Inside this issue
End frame: Dorset, 1986 by Sir Don McCullin
Kevin Allan chooses one of his favourite images
Kevin is an amateur photographer based in Newcastle upon Tyne, England. He shoots mainly on film, in formats from 35mm to 4x5, and his aim in photography is to please no-one but himself. Unlike David Ward, he has never won a t-shirt, but he did once win a David Ward print in a raffle.
When I was invited to contribute to End Frame, I immediately knew that my choice would be a Don McCullin image. Now, landscapes are probably not the first thing that comes to mind when recalling the work of Don McCullin, who is generally best known for having spent a lifetime photographing in conflict situations such as Vietnam, Cyprus, Northern Ireland, Beirut, Cambodia, and many other countries; not forgetting his portrayals of poverty in the north of England and elsewhere.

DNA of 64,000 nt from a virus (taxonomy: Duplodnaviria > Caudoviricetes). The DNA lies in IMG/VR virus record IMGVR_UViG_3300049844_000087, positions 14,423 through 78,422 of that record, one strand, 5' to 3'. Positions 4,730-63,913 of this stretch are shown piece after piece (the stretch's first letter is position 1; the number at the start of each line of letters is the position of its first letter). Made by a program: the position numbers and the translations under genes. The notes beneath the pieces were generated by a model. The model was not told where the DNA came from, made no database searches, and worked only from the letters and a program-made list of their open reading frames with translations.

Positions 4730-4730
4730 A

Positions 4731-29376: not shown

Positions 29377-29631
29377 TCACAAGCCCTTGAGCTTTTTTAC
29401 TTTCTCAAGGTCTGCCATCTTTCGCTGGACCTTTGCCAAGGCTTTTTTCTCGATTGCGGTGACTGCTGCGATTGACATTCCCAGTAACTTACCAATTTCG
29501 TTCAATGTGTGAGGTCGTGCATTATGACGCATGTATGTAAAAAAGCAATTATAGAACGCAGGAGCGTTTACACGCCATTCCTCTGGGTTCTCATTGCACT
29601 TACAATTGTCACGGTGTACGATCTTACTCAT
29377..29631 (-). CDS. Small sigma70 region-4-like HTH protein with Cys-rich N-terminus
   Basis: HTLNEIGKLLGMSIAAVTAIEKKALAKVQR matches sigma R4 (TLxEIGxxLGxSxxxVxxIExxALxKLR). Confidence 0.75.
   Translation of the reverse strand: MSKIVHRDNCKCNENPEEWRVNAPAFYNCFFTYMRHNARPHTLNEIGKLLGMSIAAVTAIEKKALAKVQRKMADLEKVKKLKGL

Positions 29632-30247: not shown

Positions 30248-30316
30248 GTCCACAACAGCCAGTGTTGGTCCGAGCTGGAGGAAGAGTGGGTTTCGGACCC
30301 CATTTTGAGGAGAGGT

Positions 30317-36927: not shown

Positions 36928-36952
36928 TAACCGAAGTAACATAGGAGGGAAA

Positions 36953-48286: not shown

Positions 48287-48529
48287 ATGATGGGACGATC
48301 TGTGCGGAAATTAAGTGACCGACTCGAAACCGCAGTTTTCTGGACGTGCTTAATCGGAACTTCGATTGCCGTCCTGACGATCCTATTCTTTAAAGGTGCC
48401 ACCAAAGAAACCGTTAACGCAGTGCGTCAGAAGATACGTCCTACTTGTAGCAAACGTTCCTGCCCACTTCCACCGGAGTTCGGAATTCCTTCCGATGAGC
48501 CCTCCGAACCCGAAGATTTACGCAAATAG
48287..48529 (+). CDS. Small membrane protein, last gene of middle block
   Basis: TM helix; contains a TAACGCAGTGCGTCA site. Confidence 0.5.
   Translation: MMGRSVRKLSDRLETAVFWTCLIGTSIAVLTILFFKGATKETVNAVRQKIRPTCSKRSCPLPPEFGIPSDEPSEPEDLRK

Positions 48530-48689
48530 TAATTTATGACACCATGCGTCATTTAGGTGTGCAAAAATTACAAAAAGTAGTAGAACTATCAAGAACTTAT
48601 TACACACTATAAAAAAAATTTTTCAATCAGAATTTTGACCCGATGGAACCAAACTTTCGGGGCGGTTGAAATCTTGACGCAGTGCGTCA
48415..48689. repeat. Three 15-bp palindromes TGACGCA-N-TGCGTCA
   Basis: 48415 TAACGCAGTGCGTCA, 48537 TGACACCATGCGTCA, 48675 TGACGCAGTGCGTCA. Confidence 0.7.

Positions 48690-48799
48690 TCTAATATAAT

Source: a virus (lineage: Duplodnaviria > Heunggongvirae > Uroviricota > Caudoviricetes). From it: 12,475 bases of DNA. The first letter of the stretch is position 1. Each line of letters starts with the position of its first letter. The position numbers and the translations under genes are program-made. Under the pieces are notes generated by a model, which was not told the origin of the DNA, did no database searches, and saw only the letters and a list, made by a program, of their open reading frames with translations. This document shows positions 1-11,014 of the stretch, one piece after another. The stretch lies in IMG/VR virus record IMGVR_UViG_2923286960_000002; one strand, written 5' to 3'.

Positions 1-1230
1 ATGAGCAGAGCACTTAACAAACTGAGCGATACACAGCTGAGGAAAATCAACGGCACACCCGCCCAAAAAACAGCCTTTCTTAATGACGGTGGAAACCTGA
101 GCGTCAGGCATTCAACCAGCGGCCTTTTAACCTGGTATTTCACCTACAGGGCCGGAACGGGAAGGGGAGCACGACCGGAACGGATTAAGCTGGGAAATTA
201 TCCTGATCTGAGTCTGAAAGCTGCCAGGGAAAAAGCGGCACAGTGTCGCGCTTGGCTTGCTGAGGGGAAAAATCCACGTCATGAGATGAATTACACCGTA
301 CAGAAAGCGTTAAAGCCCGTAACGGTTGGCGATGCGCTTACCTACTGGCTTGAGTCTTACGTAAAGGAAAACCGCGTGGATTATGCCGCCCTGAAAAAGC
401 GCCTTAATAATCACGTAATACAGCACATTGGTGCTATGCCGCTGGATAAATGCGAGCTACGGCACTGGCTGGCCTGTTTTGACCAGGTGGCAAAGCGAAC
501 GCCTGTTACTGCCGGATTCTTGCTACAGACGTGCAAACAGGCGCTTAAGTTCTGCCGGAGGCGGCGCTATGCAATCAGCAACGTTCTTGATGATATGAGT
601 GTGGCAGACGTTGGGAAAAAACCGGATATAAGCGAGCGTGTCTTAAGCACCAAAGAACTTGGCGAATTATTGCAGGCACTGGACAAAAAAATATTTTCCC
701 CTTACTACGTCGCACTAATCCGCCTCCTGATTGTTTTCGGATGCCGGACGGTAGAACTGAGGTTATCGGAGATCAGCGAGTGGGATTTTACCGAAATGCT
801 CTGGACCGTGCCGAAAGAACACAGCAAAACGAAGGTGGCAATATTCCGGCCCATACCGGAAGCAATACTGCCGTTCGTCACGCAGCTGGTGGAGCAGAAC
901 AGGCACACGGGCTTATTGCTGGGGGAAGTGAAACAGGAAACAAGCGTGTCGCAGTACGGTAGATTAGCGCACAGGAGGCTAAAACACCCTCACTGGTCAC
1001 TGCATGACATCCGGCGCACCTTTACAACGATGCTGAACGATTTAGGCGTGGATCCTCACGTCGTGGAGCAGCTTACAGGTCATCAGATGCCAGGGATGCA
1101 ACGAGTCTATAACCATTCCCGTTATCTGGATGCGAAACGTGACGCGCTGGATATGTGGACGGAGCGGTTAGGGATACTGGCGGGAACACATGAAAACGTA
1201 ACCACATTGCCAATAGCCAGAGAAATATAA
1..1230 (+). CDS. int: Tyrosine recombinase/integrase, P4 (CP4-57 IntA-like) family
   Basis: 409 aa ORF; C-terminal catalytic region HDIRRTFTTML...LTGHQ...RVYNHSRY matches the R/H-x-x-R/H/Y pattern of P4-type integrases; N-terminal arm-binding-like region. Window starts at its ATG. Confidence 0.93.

McCullin considers it insulting to be called a “war photographer” and has spoken of the distress he has suffered through the frequent exposure to the horrors of conflict. Since many photographers consider their hobby (or for a professional, their “personal work”), a form of therapy, giving relief from whatever stressful situations they experience, perhaps it is not surprising that a portion of landscape work has found its’ way into his published work, most notably in his 2018 book, simply titled “The Landscape”.
However, McCullin’s landscapes are not obviously oases of beauty in a desert of gritty social reality. Shot on black and white film, they are generally low-key, sometimes grainy, often shot in winter, featuring bare trees and muddy fields. One or two of the images invite a comparison, to my mind, between the fields near his Somerset home and a scene of trench warfare.
I took some time to select just one image from this substantial book, but eventually settled on “Dorset, 1986”.